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1998/1999
The first black Glentoran shirt since the Detroit Cougars kit of 1967 was always going to be a best seller. Manchester United had been the first side in Britain to experiment with black shirts; it would not be long before they were appearing everywhere. This was an all black kit with shorts and socks carrying matching green and red trim. Sadly because there was no requirement from the manufacturer for a certain number of games to be played in the away shirt, appearances in this jersey were limited over its one season at the Oval. Significantly though, it was worn against Maccabi Haifa of Israel for the away leg of Glentoran's European Cup Winner's Cup tie. Someone along the way in Israel had voiced concerns that Glentoran's red, green and black colours may inflame an already volatile situation in the port city as the club colours mirrored those of the Palestine Liberation Organisation. A decision was taken to wear the less inflammatory black shirt which allowed Maccabi to play in their traditional green. Although the players sweltered in the 40 degree heat in the shadow of Mount Carmel, the locals in truth could not have been nicer to the hundreds of Glentoran supporters who made the trip all bedecked in red, green and black. This was the last of the Le Coq Sportif kits as the company restructured in Europe.
1999/2000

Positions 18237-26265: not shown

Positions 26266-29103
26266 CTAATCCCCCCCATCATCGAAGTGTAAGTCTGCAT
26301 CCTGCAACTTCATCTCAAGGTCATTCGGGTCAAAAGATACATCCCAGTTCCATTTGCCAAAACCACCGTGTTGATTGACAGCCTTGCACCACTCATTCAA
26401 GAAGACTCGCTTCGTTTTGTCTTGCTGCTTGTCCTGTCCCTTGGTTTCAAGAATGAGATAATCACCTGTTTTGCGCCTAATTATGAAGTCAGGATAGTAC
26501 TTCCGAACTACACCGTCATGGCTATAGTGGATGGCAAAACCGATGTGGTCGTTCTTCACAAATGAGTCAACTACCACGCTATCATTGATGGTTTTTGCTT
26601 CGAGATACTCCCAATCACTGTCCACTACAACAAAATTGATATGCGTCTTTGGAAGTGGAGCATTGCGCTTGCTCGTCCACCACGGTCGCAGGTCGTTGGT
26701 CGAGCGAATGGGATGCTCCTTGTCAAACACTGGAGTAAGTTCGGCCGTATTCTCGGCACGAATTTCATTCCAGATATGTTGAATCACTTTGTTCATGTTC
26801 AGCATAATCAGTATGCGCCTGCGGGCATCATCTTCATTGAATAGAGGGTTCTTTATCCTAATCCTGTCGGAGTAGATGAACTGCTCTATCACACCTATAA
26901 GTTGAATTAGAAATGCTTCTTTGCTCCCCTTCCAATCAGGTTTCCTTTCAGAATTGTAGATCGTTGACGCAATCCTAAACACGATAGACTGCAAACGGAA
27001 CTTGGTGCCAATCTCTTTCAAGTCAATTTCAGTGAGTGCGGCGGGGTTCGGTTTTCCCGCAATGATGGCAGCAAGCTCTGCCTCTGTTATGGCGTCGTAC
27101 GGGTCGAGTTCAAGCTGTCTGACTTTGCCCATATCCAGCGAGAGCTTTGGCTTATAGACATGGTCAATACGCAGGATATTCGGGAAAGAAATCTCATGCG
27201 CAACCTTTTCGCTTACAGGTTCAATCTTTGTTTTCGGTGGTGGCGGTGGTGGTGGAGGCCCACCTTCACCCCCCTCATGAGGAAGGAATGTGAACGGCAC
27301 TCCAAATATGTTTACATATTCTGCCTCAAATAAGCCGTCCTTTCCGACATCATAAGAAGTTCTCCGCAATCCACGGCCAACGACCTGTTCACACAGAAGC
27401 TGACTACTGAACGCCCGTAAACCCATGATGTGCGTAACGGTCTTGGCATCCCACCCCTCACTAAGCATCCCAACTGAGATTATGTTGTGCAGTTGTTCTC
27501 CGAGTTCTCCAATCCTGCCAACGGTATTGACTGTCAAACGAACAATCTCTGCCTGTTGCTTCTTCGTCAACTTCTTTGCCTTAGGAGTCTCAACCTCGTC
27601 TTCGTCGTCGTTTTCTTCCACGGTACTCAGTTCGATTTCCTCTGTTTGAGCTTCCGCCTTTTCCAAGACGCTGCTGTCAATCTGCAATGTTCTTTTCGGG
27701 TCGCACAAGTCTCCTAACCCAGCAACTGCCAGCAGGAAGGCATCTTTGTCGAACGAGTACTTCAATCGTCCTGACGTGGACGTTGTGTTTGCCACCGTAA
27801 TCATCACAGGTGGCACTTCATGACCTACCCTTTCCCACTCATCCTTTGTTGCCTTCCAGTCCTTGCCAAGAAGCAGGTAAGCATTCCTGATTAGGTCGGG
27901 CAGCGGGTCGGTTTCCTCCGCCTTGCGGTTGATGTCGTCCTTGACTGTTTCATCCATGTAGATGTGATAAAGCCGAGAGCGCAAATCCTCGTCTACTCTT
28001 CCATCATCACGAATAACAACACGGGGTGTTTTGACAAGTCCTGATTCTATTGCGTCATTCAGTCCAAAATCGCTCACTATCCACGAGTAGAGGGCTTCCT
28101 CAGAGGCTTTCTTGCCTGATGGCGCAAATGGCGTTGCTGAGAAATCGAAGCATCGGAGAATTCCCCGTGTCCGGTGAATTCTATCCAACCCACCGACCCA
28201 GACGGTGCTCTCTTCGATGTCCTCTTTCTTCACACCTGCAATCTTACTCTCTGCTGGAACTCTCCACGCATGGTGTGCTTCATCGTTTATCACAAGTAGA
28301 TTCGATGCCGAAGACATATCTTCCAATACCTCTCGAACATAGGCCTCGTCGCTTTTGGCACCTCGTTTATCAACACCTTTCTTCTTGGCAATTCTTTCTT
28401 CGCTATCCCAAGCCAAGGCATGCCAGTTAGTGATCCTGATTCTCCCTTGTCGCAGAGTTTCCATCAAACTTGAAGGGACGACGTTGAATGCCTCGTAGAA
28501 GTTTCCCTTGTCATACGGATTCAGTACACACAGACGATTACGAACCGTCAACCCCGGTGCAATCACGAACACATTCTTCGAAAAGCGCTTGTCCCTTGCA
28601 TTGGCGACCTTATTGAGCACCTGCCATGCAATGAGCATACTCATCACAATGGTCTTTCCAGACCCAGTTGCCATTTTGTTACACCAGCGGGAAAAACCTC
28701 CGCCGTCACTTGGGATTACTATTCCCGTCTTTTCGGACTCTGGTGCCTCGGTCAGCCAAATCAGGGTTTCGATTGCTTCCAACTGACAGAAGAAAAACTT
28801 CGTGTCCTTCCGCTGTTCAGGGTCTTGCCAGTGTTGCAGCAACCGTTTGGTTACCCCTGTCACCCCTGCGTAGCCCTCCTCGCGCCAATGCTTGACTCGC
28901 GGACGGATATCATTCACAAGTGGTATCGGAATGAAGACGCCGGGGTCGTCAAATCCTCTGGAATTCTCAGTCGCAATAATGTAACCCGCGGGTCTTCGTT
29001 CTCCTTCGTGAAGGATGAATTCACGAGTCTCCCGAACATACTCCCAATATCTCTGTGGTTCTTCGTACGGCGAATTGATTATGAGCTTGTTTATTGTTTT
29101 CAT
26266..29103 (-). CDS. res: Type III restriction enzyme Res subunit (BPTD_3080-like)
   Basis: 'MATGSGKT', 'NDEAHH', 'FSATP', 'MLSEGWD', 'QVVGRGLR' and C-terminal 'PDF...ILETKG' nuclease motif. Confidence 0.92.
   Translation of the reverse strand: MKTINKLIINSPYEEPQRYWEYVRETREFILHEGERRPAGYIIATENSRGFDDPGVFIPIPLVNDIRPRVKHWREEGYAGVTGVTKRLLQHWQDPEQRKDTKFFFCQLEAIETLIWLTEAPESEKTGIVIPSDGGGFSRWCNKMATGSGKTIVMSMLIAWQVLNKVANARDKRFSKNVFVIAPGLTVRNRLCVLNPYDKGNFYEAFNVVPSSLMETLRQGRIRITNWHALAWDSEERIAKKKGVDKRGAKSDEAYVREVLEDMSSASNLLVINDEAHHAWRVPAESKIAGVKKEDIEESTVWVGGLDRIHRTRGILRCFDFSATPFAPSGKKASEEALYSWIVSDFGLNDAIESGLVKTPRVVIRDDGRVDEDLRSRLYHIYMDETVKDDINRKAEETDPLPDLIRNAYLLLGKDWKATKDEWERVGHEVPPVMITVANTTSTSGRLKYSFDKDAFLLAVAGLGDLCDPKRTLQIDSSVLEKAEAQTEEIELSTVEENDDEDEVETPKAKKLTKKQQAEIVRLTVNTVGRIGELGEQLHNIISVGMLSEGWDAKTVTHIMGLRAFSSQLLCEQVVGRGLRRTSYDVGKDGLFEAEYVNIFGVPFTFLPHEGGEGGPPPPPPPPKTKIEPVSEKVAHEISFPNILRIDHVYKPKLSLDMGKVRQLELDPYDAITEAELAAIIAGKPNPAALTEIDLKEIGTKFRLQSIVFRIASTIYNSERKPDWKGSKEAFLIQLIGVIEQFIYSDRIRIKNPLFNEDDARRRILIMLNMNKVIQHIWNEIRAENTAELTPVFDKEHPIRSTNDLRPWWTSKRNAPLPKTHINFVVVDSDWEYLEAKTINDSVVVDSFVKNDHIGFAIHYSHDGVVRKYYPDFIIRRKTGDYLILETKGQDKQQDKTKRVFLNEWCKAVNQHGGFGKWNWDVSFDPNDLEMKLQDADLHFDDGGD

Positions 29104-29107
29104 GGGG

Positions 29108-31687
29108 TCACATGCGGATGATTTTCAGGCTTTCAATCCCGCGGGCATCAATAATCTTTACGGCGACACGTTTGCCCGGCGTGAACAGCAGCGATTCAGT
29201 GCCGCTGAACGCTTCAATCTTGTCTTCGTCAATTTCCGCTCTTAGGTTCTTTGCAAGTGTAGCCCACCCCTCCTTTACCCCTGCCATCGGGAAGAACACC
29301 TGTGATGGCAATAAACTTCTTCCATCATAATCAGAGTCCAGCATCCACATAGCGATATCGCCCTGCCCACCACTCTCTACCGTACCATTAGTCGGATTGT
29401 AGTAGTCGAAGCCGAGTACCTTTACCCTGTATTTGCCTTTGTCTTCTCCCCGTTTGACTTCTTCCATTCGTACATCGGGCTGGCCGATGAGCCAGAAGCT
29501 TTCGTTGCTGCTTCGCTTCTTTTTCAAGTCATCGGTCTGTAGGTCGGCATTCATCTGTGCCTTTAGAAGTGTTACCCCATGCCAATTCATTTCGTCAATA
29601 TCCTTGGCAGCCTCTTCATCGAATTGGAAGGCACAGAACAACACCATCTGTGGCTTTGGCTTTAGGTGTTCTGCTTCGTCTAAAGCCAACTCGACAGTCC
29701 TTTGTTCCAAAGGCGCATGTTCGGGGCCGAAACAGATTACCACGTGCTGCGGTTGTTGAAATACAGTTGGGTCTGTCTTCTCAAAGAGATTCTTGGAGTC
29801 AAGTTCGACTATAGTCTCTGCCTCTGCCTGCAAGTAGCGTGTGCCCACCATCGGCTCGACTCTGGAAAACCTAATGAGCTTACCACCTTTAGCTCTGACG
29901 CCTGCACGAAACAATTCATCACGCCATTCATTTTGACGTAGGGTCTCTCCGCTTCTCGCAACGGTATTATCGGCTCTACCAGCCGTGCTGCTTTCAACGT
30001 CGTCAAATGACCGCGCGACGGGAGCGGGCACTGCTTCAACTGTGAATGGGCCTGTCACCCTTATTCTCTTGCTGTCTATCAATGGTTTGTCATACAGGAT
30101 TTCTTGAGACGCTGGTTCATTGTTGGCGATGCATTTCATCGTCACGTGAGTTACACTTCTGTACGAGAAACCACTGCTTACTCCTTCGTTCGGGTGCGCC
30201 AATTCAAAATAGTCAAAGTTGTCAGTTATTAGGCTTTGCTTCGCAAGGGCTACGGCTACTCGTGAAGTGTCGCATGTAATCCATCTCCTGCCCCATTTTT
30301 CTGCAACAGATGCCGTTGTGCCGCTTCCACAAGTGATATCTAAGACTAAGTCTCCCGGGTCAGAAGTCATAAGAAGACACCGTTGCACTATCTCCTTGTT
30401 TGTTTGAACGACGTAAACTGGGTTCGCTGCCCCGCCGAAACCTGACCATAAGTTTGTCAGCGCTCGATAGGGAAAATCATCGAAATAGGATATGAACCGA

With many of the bigger names in shirt production streamlining their operations and concentrating on fewer but higher profile clients, smaller clubs were being forced to look for less well known brands. Avec were a Durham based company owned by former Sunderland player Peter Crawford. They had made their name through a six year partnership with Sunderland FC. In July 1999 they launched this design for the Glens. The shirt was made from what was described in the advertising blurb as waffle-like material, and many fans quite liked the new look. The one disappointing aspect of the shirt was that the badge looked weak inside the black circle. Roy Coyle strengthened his squad with the acquisition of Ian Gilzean (son of Alan) from St Patrick's Athletic, goalkeeper Alan Gough from Shelbourne, Ally McCombe from Bangor and Brian Russell from Crusaders. This would be the shirt which would take the Glens into a new millennium. Moderate success would be achieved as the side lifted both the County Antrim Shield and the Ulster Cup during the season. Brian Russell scored the last goal anywhere in the United Kingdom of the first millennium when the Glens beat the Blues 1-0 in the County Antrim Shield on the 31st December 1999.